If you’re looking for some excitement at the movies this summer, look no further than “Baby Driver.”

Written and directed by fanboys everywhere’s favorite Edgar Wright, “Baby Driver” is a stylish explosion of a genre-blending action thriller, romantic heist movie and crime film all in one. 

“Driver” centers around a kid named Baby (Ansel Elgort), a Wayfarers-wearing youth who keeps a mostly wordless demeanor (think Steve McQueen or Ryan Gosling’s strong and silent type high school selves). After getting mixed up in a world of crime, Baby uses his talents behind the wheel as a getaway driver to pay off a debt to crime boss, Doc (Kevin Spacey).

Winding and wheeling his way around Atlanta’s city streets, Baby evades the cops with devilish gear shifts and burnouts that will leave audiences totally floored (the movie uses no CGI for the car stunt work). Every hairpin turn of every getaway drive is accompanied by some carefully curated song queued up on his iPod. “Baby Driver” fuses getaway driving and rock radio so expertly, that if the movie was considered the engine, the music would be the fuel that keeps it roaring. After a traumatic car-collision leaves a childhood Baby parent-less and with an always-present ringing in his in ears, he drowns out his Tinnitus by listening to music, and at all hours of the day. Compulsively cranking classic rock cuts during his high-speed sprints or just serving up some old Soul tunes, music is as much Baby’s secret weapon as it is his distraction.

Starting with the film’s opening getaway chase, grooving along to the soundtrack is like rocking out at a concert. This neo-musical act continues through to the very end, where, after meeting the sweet, kind-eyed diner waitress Debra (Lily James), Baby decides to go straight and get out of the crime game – that is, if he can escape the ruthless Doc (Spacey) and the job’s skizo thugs, Buddy (Jon Hamm) and Bats (Jamie Foxx).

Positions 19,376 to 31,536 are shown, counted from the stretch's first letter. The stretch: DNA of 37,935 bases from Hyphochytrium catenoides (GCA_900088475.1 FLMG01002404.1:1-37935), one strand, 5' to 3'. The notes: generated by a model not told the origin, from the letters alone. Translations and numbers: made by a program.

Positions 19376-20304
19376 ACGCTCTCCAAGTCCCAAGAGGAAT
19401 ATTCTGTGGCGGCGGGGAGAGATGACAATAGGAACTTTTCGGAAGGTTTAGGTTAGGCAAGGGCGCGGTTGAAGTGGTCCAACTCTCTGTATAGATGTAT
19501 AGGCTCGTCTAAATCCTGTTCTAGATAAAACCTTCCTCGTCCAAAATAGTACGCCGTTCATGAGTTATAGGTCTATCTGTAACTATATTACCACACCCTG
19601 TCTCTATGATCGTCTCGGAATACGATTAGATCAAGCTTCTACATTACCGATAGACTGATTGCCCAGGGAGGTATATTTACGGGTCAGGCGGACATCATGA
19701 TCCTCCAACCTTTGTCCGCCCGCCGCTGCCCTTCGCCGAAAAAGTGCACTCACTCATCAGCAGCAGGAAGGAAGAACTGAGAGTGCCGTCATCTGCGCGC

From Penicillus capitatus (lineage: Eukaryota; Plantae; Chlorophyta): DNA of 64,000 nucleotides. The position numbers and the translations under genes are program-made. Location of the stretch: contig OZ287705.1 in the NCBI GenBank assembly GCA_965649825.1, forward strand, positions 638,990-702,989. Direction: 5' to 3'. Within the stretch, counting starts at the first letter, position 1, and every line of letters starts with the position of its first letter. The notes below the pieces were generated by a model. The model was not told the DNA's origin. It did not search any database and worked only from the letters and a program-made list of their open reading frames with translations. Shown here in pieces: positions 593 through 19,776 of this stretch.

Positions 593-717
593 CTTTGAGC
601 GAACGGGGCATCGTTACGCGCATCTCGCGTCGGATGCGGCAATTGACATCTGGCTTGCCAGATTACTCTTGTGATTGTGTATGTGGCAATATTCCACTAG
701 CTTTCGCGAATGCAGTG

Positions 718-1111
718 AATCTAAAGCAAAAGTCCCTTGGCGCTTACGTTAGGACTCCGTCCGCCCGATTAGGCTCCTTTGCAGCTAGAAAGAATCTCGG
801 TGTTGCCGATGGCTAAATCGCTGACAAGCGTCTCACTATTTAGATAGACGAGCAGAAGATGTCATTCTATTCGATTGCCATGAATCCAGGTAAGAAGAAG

…notice Ryan Heffington, the choreographer of Sia’s “Chandelier” music video, is credited as the film’s choreographer in the opening title credits.

Wright continues to prove he is truly one of today’s most “visionary” directors. Fans of Wright’s previous films (“Sean of the Dead,” “Scott Pilgrim vs the World”) will know that he has perfected a visual identity and humor all his own, but with “Baby Driver,” Wright brings those elements together to an even bigger stage.

“Baby Driver” is slick and effortlessly cool, where lane changes and car spins, camera zooms and cuts are all oiled up in perfect unison (notice Ryan Heffington, the choreographer of Sia’s “Chandelier” music video, is credited as the film’s choreographer in the opening title credits). The film’s opening scene, one long uninterrupted take set to “Harlem Shuffle,” is an amazingly choreographed number (look for the song lyrics graffiti hidden on the sides of walls).

In the driver’s seat is the baby-faced Ansel Elgort (“The Fault in Our Stars”) in a role that requires the young actor to play both the strong and silent type while keeping his youthful aloofness intact. Wright’s remaining ensemble is just as well cast – it’s always a treat to see Kevin Spacey play bad, as well as Jamie Foxx as a menacing character. Lily James delights as a Southern Belle, but the stand out performances must go to Jon Hamm, who sheds his Don Draper image for a villain with depth and CJ Jones– a real-life deaf stand-up entertainer who plays Baby’s caretaker, who lends another great performance.

If you’re looking for an adrenaline rush this summer, do yourself a favor. See “Baby Driver” in theaters. It’s not only one of the best films of the summer, but of the year to date.

‘Baby Driver’ is rated R for language throughout and violence. 113 minutes. Opening tomorrow in theaters everywhere.